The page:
Prerequisites for integrating the camera with balenaOS

  1. Follow the instructions provided in the sections Account setup and Create a fleet in the following link, https://www.balena.io/docs/learn/getting-started/jetson-xavier/nodejs/#example-projects?ref=dockerhub to setup a balena account and to create an application for jetson xavier device respectively.
  2. Follow the instructions provided in the section Install the balena CLI (Linux Tab) in the following link, https://www.balena.io/docs/learn/getting-started/jetson-xavier/nodejs/#example-projects?ref=dockerhub to install the balean CLI application. This is used login, authenticate and push codes( via docker) to the created fleet. Make sure that you are exporting path of balena-cli binary permanently in your host system.
  3. Install the following dependencies in the host system.
    • $ sudo apt-get install libssl1.0-dev nodejs-dev node-gyp npm jq chrpath gawk
  4. Install the docker and assign the permission to the current user.
    • $ sudo snap install docker
      $ sudo apt-get install docker.io
      $ sudo usermod -aG docker
      $USER $ newgrp docker
  5. Install the latest Go for linux using the instructions provided in the following link,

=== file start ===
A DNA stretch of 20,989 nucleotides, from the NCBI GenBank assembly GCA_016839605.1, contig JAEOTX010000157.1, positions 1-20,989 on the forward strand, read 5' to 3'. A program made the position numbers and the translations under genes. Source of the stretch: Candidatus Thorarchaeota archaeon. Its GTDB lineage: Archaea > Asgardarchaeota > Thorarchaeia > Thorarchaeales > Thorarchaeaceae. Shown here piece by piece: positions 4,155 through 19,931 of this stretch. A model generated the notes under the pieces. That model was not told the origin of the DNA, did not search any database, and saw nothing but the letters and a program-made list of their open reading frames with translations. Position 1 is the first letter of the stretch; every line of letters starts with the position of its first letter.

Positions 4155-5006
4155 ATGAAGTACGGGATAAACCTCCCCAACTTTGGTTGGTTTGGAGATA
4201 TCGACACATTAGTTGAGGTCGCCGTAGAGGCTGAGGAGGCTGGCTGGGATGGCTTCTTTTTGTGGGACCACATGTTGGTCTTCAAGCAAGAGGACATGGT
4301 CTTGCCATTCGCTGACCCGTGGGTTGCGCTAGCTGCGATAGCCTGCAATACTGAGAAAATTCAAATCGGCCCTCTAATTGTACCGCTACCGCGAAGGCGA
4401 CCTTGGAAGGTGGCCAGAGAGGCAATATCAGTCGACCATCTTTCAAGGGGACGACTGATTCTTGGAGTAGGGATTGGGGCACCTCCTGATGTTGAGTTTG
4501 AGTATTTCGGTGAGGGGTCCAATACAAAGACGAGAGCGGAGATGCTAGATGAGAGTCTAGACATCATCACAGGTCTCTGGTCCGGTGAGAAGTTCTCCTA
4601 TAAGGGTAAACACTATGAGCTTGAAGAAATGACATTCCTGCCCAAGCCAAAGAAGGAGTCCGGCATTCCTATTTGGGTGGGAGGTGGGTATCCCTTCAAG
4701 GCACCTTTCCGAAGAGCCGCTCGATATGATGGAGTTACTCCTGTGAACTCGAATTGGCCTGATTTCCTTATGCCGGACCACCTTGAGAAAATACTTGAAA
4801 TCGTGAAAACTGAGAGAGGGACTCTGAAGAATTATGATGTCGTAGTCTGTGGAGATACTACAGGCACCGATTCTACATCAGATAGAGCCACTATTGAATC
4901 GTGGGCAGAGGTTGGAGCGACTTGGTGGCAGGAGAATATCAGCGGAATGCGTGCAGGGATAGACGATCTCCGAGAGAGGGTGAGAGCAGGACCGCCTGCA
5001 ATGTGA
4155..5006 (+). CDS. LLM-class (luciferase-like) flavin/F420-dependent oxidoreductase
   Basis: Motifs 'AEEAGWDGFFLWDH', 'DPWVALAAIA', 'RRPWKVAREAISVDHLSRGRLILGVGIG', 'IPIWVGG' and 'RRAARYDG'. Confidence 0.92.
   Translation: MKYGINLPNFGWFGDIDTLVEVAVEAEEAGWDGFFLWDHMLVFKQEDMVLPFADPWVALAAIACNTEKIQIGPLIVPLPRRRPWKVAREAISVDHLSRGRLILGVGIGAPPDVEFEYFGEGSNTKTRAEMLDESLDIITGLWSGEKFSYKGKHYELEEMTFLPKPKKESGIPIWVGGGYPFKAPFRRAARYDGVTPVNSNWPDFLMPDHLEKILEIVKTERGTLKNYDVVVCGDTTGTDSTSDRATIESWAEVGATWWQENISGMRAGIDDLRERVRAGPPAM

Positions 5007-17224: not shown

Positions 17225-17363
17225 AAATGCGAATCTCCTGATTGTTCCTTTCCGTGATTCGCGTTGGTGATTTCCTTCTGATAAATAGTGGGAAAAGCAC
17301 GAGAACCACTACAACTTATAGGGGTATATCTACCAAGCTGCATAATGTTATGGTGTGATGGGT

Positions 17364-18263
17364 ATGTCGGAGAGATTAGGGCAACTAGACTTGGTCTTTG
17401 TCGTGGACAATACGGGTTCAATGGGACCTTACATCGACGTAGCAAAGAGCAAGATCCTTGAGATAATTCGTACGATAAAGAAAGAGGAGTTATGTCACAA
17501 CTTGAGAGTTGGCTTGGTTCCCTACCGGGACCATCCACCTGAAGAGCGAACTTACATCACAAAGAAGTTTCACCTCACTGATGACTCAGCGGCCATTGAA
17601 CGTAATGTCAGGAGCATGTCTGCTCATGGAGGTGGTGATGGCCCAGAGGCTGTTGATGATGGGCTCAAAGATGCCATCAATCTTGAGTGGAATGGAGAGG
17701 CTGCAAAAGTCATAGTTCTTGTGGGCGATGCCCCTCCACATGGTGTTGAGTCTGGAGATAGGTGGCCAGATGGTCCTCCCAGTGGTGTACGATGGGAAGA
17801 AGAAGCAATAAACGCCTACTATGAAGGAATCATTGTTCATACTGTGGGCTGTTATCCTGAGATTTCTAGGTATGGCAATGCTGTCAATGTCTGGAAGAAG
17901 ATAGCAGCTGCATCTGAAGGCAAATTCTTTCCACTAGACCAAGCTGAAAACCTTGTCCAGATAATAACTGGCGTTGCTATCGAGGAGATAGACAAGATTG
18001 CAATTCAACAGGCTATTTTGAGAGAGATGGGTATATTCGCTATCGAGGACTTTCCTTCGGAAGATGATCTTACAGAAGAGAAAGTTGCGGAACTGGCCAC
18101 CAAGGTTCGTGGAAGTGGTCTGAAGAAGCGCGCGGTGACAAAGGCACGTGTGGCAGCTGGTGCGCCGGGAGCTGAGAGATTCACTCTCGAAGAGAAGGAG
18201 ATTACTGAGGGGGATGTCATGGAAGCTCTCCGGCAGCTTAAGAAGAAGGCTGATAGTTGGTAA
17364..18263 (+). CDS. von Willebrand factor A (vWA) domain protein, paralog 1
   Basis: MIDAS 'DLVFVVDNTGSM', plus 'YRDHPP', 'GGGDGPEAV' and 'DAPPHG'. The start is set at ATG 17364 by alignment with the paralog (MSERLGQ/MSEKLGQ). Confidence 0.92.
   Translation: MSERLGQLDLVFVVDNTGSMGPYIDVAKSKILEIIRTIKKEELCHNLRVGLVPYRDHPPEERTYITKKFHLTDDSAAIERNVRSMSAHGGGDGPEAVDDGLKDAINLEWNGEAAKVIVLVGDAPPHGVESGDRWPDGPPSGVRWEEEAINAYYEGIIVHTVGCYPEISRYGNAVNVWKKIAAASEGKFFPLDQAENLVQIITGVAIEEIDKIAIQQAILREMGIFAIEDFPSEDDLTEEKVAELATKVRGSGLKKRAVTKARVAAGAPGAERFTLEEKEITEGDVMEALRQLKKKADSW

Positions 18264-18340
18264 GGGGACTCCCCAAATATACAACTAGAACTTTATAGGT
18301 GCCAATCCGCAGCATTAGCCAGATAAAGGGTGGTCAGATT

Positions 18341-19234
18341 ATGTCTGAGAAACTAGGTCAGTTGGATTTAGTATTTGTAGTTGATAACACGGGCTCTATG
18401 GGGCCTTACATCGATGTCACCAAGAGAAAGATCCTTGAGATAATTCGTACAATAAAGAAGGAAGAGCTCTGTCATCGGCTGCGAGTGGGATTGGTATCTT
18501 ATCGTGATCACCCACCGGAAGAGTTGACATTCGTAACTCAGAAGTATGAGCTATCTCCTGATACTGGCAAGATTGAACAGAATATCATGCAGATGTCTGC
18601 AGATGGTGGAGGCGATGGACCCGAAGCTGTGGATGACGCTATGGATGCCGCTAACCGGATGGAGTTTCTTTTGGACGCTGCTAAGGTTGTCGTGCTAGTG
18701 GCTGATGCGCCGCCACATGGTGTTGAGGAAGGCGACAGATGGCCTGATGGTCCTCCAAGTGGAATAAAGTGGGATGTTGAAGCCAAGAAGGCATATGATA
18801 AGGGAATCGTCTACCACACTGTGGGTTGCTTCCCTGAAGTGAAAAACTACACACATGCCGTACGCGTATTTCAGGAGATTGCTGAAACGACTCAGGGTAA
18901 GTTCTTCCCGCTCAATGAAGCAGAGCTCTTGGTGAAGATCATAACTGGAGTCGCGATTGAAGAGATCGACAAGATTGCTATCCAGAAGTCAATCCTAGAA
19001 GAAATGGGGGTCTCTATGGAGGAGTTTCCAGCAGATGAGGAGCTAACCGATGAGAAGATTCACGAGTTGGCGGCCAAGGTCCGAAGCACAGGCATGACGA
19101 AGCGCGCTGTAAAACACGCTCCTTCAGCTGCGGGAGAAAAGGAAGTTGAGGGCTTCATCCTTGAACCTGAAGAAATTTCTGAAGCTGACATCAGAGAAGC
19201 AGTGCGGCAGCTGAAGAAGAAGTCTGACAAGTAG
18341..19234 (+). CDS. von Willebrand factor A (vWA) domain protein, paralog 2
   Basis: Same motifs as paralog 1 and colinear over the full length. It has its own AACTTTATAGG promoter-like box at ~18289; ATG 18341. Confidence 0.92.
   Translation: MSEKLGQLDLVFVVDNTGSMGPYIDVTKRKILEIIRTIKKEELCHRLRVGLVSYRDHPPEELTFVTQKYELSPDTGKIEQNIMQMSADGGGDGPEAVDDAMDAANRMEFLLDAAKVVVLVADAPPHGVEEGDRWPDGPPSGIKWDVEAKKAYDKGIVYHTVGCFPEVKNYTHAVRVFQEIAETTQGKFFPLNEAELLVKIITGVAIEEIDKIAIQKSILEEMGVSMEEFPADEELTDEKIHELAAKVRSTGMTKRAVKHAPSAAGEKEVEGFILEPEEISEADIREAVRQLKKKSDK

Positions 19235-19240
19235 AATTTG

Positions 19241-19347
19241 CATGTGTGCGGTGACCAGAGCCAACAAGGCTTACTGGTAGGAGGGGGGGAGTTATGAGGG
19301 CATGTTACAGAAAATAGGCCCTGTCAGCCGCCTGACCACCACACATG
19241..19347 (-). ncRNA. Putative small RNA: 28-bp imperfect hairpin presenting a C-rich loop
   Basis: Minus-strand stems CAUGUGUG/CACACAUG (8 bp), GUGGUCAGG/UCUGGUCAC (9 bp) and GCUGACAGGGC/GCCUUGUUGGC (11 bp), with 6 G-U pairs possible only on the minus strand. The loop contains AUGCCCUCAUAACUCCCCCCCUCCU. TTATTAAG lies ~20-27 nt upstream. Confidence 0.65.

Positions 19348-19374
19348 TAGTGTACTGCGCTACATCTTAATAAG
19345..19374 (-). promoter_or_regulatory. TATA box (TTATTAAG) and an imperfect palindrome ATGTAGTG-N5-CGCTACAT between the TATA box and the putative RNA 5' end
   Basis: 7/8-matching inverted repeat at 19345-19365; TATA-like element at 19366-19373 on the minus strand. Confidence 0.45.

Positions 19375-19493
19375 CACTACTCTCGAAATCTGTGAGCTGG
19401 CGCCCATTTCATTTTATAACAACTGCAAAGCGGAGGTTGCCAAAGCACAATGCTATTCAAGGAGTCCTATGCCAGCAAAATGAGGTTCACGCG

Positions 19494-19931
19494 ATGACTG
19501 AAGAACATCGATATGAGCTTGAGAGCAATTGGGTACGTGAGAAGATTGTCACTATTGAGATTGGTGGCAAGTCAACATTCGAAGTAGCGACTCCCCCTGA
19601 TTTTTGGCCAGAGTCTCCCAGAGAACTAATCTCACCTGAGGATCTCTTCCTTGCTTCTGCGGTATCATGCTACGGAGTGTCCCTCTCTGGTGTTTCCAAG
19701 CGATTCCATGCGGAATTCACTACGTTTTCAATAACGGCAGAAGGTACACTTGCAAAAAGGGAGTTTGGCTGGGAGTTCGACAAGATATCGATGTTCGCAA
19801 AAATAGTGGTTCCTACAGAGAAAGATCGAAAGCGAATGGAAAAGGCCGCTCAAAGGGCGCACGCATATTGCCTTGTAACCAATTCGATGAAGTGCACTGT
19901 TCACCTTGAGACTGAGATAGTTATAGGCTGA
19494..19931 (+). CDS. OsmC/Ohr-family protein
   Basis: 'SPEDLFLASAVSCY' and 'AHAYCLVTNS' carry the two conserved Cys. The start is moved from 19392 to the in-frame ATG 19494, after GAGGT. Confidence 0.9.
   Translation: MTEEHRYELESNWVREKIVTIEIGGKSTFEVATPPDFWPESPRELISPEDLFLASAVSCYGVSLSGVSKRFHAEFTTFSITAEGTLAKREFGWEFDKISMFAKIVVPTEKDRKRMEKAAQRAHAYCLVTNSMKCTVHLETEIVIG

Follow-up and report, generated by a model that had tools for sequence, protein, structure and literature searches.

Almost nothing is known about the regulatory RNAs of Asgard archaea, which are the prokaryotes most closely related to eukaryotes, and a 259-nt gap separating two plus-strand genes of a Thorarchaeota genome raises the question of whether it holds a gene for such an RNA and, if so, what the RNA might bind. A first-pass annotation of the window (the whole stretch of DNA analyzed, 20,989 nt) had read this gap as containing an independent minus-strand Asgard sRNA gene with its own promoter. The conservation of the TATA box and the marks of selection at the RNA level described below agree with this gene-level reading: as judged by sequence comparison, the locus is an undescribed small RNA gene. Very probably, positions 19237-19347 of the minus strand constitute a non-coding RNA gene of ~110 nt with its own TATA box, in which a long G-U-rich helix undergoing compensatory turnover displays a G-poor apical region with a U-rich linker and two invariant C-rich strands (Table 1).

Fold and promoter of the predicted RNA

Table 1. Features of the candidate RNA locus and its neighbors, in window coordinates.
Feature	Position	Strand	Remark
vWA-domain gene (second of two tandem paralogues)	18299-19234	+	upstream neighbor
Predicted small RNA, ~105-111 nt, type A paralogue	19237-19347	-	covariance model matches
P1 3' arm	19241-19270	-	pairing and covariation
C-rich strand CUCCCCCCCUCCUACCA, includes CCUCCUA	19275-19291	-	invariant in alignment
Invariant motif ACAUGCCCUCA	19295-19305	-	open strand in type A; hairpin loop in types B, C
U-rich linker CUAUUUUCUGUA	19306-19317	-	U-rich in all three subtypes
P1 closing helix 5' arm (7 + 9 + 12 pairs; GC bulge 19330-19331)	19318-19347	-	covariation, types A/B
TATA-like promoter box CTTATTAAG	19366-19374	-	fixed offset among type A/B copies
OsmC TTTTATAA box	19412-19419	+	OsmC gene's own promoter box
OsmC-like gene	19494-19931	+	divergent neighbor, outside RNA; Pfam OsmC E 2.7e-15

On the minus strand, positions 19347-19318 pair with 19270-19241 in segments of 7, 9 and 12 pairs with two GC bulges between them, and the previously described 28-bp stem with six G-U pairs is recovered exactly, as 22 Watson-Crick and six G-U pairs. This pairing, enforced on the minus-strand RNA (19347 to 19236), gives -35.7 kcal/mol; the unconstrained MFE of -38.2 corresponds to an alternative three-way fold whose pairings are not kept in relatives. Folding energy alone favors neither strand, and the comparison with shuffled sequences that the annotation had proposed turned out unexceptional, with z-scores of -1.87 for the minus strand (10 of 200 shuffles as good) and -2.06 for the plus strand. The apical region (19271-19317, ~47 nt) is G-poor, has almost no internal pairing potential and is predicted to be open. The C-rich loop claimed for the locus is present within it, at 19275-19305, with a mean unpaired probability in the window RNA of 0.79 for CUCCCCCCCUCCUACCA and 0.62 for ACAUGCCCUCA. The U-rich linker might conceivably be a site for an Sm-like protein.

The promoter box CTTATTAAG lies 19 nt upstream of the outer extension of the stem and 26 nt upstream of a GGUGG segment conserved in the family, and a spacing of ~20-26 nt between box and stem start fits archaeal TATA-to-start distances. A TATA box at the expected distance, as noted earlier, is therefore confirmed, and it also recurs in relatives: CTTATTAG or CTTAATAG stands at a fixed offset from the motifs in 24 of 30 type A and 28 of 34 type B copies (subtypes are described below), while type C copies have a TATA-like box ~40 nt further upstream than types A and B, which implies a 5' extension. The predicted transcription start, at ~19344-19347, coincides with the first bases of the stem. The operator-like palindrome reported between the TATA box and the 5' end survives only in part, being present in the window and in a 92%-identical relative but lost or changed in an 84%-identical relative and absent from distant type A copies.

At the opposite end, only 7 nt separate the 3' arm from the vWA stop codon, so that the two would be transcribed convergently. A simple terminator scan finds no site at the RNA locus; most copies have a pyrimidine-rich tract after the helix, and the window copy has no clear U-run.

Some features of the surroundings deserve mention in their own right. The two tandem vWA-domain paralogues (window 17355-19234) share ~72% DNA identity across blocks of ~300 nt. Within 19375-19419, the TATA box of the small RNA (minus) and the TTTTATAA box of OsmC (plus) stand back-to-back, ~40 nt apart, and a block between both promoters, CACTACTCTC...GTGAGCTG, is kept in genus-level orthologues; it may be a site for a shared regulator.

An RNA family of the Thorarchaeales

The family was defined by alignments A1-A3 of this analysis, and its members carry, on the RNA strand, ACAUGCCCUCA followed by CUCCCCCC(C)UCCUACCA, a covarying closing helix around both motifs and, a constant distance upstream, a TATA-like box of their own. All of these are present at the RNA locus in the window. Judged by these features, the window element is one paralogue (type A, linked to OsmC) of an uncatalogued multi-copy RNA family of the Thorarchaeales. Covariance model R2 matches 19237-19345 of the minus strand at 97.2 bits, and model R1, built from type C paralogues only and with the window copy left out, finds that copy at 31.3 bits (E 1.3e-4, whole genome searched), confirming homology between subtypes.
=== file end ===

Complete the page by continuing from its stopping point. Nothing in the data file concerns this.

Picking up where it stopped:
https://golang.org/doc/install
  6. Reboot the host system after installing all the dependencies to properly initiate the docker.

Balena Yocto Local Build Procedure

Follow the instructions provided in this section to build custom balena OS image with e-con’s NileCAM25_CUXVR camera support.

  1. Clone the balena-jetson yocto source.
    • git clone https://github.com/balena-os/balena-jetson.git
  2. Download the needed dependencies (i.e) other yocto repositories needed for yocto build using following command.
    • cd balena-jetson
      git submodule update –init –recursive
  3. Checkout to the tag for the L4T32.4.4 and create a temporary development branch.
    • git checkout v2.80.5+rev4
      git checkout -b <BRANCH NAME>
  4. Add the NileCAM25 support to the yocto bsp using the patch file